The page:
cold water coming out of a shower head

Are cold showers good for you?

If you’ve heard that turning the tap to blue while you’re in the shower could actually be good for you, you’re not wrong. While steaming hot showers feel wonderful after a long day at work or a tough workout, cleaning your skin and hair with cold water also has many hidden benefits.

So, why are cold showers good for you?

Before you blast yourself with ice-cold water, let’s take a look at some cold shower benefits:

  • They’re good for circulation

This is the number one reason why cold showers should be a part of your regular routine. Wondering how exactly they can improve your circulation? By reducing your core body temperature through showering or bathing in cold water, your body has to work harder and faster to warm itself up. It does this by increasing blood flow to the surface of your skin, therefore promoting healthy circulation.1
  • They can soothe sore muscles

If you’ve just completed an intense gym session or played a football match with your mates, having a cold shower afterwards could help soothe tired and achy muscles. Wondering why? It’s for the same reason that cold water impacts circulation. The cooler temperature promotes faster blood flow, allowing more blood to be delivered to areas which are sore.2
  • Studies show they may help depression

If you suffer from depression, cold showers could help improve your mood. Hydrotherapy has been used for centuries to relieve stress. Having regular cold showers is thought to have the same sort of effect, as they trigger electrical impulses in the brain, they help to boost your energy levels making you feel more alert.3
  • They can make your hair look healthier and shinier

Rinsing yourself off with cold water after you’ve shampooed could make your hair appear shinier. That’s because warm water opens up the follicles in our hair so they can be cleaned and conditioned. Cold water, on the other hand, closes these follicles up, locking in any moisture and lowering the risk of your hair becoming dry and brittle over time.4
  • They could support your immune system

Research suggests that cold showers could also be great for your immune system.5 By shaking your body up a bit through showering in cold water, you could stimulate the white blood cells present in your bloodstream.6 Why not take a supplement that’s packed with beneficial nutrients like zinc and vitamin C, both of which are essential for your immune system to function.

How to take a cold shower

You might be wondering why you need us to tell you how to take a shower! The fact is, having a cold shower which will have a positive impact on your health and wellbeing isn’t quite as simple as turning the temperature right the way down and stepping into the cubicle.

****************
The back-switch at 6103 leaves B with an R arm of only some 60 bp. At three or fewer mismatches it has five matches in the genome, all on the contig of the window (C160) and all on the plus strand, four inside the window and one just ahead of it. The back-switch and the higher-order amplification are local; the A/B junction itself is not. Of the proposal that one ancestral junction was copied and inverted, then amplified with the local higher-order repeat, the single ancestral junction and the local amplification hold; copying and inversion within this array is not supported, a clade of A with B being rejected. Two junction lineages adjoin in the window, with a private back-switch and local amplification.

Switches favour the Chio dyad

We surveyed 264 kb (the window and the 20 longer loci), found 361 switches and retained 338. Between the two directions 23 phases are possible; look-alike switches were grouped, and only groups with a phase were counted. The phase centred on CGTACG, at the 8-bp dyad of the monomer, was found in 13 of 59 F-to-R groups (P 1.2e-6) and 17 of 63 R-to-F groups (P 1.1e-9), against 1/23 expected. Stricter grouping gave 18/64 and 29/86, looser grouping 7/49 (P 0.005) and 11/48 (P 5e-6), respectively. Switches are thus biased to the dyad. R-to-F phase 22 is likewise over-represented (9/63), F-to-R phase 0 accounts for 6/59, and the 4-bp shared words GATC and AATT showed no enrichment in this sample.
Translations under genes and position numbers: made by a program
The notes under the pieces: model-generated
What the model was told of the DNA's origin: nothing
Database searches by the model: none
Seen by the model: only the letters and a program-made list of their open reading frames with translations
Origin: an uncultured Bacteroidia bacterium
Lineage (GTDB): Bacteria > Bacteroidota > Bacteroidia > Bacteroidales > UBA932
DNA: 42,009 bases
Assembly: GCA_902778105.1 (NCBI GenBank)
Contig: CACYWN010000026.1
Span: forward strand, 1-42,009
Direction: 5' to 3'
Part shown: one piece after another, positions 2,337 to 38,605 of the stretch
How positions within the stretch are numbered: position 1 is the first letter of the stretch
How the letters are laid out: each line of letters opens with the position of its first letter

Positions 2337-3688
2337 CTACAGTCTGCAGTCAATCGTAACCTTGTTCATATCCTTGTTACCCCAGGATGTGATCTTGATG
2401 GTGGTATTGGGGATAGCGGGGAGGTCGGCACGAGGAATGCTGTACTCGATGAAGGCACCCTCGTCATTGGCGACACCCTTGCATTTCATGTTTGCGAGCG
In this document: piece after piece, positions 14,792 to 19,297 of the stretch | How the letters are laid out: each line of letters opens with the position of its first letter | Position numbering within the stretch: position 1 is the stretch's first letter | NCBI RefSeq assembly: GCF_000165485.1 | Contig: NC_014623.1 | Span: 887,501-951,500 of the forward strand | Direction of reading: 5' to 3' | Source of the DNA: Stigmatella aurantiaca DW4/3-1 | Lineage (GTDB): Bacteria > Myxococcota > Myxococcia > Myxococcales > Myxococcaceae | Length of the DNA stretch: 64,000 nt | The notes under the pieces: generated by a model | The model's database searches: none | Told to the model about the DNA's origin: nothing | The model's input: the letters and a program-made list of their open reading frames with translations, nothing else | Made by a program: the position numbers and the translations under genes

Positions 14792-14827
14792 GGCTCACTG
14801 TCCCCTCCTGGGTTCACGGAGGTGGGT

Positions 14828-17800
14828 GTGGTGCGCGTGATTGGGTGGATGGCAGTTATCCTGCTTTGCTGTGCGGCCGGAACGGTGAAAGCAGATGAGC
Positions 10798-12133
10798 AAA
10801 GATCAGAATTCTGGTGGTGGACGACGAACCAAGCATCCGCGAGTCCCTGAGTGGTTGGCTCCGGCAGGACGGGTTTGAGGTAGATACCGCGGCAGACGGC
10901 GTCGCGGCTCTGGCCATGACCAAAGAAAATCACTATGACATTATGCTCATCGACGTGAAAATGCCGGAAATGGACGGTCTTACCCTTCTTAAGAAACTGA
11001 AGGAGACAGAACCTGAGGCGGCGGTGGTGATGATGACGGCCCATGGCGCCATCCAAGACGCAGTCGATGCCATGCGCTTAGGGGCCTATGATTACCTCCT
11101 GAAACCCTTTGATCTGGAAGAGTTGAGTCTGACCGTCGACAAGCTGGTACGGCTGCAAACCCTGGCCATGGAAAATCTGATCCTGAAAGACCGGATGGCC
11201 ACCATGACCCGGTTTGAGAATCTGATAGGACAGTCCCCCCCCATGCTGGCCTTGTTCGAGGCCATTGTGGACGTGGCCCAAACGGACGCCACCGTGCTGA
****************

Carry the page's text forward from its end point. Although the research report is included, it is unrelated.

In fact, it’s best to follow these simple steps:

  1. Enjoy a warm shower as you normally would.
  2. Once you’ve cleaned your hair and body, turn the water temperature down a little.
  3. Stand under the water for a couple of minutes and take deep breaths as your body adjusts to the chillier temperature. You may want to begin by just placing your feet or legs beneath the water and then slowly move your arms, torso and head under as you adjust to the coldness.
It’ll take a couple of weeks to become fully comfortable with having cold showers. To ease yourself into it, try gradually lowering the temperature of the water every time you shower.7

Is there anyone who should avoid taking cold showers?

While taking cold showers shouldn’t have any negative effects (beyond making you shiver!), there are a people who may want to hold off trying them, such as those with compromised immunity.8 Remember that taking cold showers should never be a substitute for medications or your doctor’s advice.

Last updated: 5 June 2020

Sources
  1. https://www.healthline.com/health/cold-shower-benefits#improved-circulation
  2. https://www.healthline.com/health/cold-shower-benefits#improved-circulation
  3. https://www.healthline.com/health/cold-shower-benefits#endorphins
  4. https://www.health.com/beauty/benefits-cold-showers
  5. https://www.healthline.com/health/cold-shower-benefits#resistance
  6. https://www.cancer.gov/publications/dictionaries/cancer-terms/def/white-blood-cell
  7. https://www.healthline.com/health/cold-shower-benefits#takeaway
  8. https://www.healthline.com/health/cold-shower-benefits#limits-and-risks

 

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